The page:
Tourists warned of mobile phone rule in airports | Travel News | Travel

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UK holidaymakers are being put on alert over a crucial mobile phone regulation at airports, with the Foreign Office cautioning that non-compliance could mean your gadgets get left behind.

Jet-setters departing from UK airports this year must adhere to a vital rule concerning their mobile phones, tablets, and laptops, or face the possibility of having to abandon them on-the-spot.

Hand luggage restrictions differ among airlines, with Ryanair, Jet2, TUI, and easyJet each having their own list of banned items. Passengers are generally prohibited from carrying weapons, flammable substances, e-cigarettes, and certain battery types in their checked luggage.

A not-so-well-known stipulation regarding electronic devices exists, and if violated, travellers will be barred from bringing them onboard. Passengers may be asked to demonstrate that their device can be powered on.

Should a device be inoperable or uncharged, rendering the passenger unable to switch it on upon request, it may be denied boarding. The British Foreign Office advises: “Make sure your electronic devices are charged before you travel. If your device does not switch on when requested, you will not be allowed to take it onto the aircraft.”

Although it’s unlikely every passenger will need to verify their device’s functionality, random checks can occur at security points within the airport – and nearly everyone now travels with a smart device.

Despite this policy being well-established in the UK, numerous travellers remain oblivious to its existence, reports Birmingham Live. Britons heading off on their summer holidays this year are being urged by travel insurance experts to take note of strict rules in place.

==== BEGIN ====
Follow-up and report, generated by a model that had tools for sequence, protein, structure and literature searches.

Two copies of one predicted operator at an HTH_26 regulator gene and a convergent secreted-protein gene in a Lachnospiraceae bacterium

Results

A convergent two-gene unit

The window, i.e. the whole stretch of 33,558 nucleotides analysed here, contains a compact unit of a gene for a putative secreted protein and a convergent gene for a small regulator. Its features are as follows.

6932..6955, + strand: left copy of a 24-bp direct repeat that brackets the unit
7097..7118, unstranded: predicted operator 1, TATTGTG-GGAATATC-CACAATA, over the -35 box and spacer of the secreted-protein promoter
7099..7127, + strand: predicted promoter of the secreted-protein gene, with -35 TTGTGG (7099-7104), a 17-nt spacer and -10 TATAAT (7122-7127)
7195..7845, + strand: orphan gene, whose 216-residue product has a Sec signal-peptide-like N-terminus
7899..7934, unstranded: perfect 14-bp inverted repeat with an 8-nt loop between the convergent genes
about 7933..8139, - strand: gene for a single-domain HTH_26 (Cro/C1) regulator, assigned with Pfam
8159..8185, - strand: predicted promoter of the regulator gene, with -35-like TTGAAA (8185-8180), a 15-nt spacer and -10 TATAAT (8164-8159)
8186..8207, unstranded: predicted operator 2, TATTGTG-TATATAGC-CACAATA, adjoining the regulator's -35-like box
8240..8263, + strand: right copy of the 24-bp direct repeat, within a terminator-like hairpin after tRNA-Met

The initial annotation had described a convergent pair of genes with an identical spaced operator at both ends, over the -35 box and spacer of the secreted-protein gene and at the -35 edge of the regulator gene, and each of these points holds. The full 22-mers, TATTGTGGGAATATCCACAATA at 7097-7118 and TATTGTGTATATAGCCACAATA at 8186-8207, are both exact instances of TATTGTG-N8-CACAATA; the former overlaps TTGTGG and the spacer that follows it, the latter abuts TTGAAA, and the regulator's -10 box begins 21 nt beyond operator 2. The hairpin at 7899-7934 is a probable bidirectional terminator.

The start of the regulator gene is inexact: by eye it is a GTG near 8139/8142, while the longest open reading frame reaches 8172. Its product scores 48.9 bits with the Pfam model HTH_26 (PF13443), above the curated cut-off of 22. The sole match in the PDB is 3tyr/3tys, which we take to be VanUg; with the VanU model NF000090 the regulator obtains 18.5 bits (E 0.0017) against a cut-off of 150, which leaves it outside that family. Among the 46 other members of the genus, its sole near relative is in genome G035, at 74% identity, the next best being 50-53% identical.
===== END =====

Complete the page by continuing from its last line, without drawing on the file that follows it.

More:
Rules vary from airline to airline, so travellers should check before their flights. British Airways, for example, states: “You can generally take electric and electronic items in your hand or checked baggage, but you need to follow specific safety instructions.

“Airport security staff may ask you to turn on electronic or battery-powered devices, such as phones, tablets, e-books and laptops, to demonstrate they function. If you’re not able to do this, you will not be able to take your device with you.”

The airline also adds: “Please ensure that any items in your hand baggage are fully charged and switched on before you arrive at the airport. If your device is not charged, please place it in your checked baggage. If you are connecting, make sure that you do not deplete power in your devices during the first part of your journey as charging points at airports might be very limited and you may need an adapter.”

EasyJet also states in its guidelines: “You also need to make sure that your device stays charged if it runs out of battery and you can’t turn it on to scan your boarding pass as required, easyJet cannot accept responsibility if you are as a result not able to fly.”

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